The NBA playoffs may just have gotten underway, but a basketball competition of a different kind came to a close in St. Louis, the FIRST Robotics championship. NY1's Shazia Khan filed the following report.
It was a moment 402 robotics teams from around the world had their hearts set on, but only three cinched the FIRST Robotics Championship Title on Saturday.
Team 16 from Mountainhome, Ark., Team 25 from North Brunswick, N.J. and Team 180 from Stuart, Fla. made up the winning alliance, playing defense and shooting hoops in the "Rebound Rumble."
They, like all the other robotics teams who descended on the Edward Jones Dome in St. Louis for the three-day long championship, constructed their ball-playing bots in six weeks from a box of nuts and bolts and other spare parts.
While there could only be one winning alliance, students said the experience was the ultimate prize.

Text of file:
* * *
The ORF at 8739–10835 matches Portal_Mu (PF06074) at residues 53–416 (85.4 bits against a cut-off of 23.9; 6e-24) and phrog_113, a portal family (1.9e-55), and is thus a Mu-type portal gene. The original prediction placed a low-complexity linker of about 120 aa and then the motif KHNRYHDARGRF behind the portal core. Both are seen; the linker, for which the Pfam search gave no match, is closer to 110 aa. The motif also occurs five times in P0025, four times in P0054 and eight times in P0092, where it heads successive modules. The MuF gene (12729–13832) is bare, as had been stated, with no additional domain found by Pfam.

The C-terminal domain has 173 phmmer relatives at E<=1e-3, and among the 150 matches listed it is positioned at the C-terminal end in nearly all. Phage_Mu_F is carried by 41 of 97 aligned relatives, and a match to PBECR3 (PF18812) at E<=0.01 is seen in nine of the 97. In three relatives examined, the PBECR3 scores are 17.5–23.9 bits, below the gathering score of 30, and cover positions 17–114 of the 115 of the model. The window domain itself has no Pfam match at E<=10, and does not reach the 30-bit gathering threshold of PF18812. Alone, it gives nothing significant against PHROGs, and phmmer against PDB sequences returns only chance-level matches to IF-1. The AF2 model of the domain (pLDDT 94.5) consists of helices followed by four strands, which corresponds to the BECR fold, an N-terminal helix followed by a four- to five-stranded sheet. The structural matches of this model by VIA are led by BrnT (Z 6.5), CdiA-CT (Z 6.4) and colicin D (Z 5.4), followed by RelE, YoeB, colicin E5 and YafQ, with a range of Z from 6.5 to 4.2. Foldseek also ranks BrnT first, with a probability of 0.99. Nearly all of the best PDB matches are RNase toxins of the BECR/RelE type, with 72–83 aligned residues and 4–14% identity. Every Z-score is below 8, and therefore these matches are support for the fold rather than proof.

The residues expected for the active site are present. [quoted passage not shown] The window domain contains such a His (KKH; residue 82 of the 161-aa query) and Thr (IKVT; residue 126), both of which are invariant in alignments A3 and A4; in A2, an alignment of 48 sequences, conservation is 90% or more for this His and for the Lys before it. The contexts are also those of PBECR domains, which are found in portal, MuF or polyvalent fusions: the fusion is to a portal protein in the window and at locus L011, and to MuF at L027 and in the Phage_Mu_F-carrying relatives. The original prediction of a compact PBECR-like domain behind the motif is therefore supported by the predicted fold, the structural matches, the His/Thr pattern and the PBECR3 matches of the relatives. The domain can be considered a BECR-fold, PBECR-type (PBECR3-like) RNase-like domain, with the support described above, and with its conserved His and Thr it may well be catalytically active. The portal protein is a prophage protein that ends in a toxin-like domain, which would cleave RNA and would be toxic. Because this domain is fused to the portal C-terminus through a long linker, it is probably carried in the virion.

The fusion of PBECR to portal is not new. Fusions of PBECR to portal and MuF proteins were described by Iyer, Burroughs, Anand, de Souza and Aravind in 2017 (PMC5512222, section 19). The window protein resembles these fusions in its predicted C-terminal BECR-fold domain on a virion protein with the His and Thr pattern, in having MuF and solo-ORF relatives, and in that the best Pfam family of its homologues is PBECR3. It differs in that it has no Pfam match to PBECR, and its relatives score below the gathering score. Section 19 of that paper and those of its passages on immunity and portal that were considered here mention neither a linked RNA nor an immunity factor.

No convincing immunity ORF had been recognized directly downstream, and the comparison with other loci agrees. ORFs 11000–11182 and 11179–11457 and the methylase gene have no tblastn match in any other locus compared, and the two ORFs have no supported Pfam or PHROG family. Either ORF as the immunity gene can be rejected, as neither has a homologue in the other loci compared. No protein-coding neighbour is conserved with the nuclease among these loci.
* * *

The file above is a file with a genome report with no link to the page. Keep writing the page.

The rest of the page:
"I learned many skills I wouldn't have learned. I decided my career, it made me part of a new family," said Rafael Rodriguez of Team 207 from Hawthorne, Calif.
"Even though we didn't win, we did what we had to do. We were all a team and we really enjoyed this experience," said Grecia Lizarraga of Team 207.
The winning teams received a trophy a banner and bragging rights, but it was also a chance a to inspire others to join robotics.
"That's the whole goal of this program, is to get students interested in science and technology," said Alex Anderson of Team 16.
There were no shortage of fans at the competition. Thousands filled the bleachers at any given time, cheering on the different teams and their mechanical athletes.
While the students battled it out in the arena, the founder of FIRST, Dean Kamen, met with corporate supporters to ensure the program continues. Glenn Britt, the chairman and CEO of Time Warner Cable, NY1's parent company, was at the meeting.
"It just takes one little thing to spark that interest in somebody. Through Connect A Million Minds, the effort we started in 2009, we're trying to make young people aware of opportunities in their communities," said Britt.
For more information on programs that engage young people in Science, Technology, Engineering and Math, visit www.connectamillionminds.com.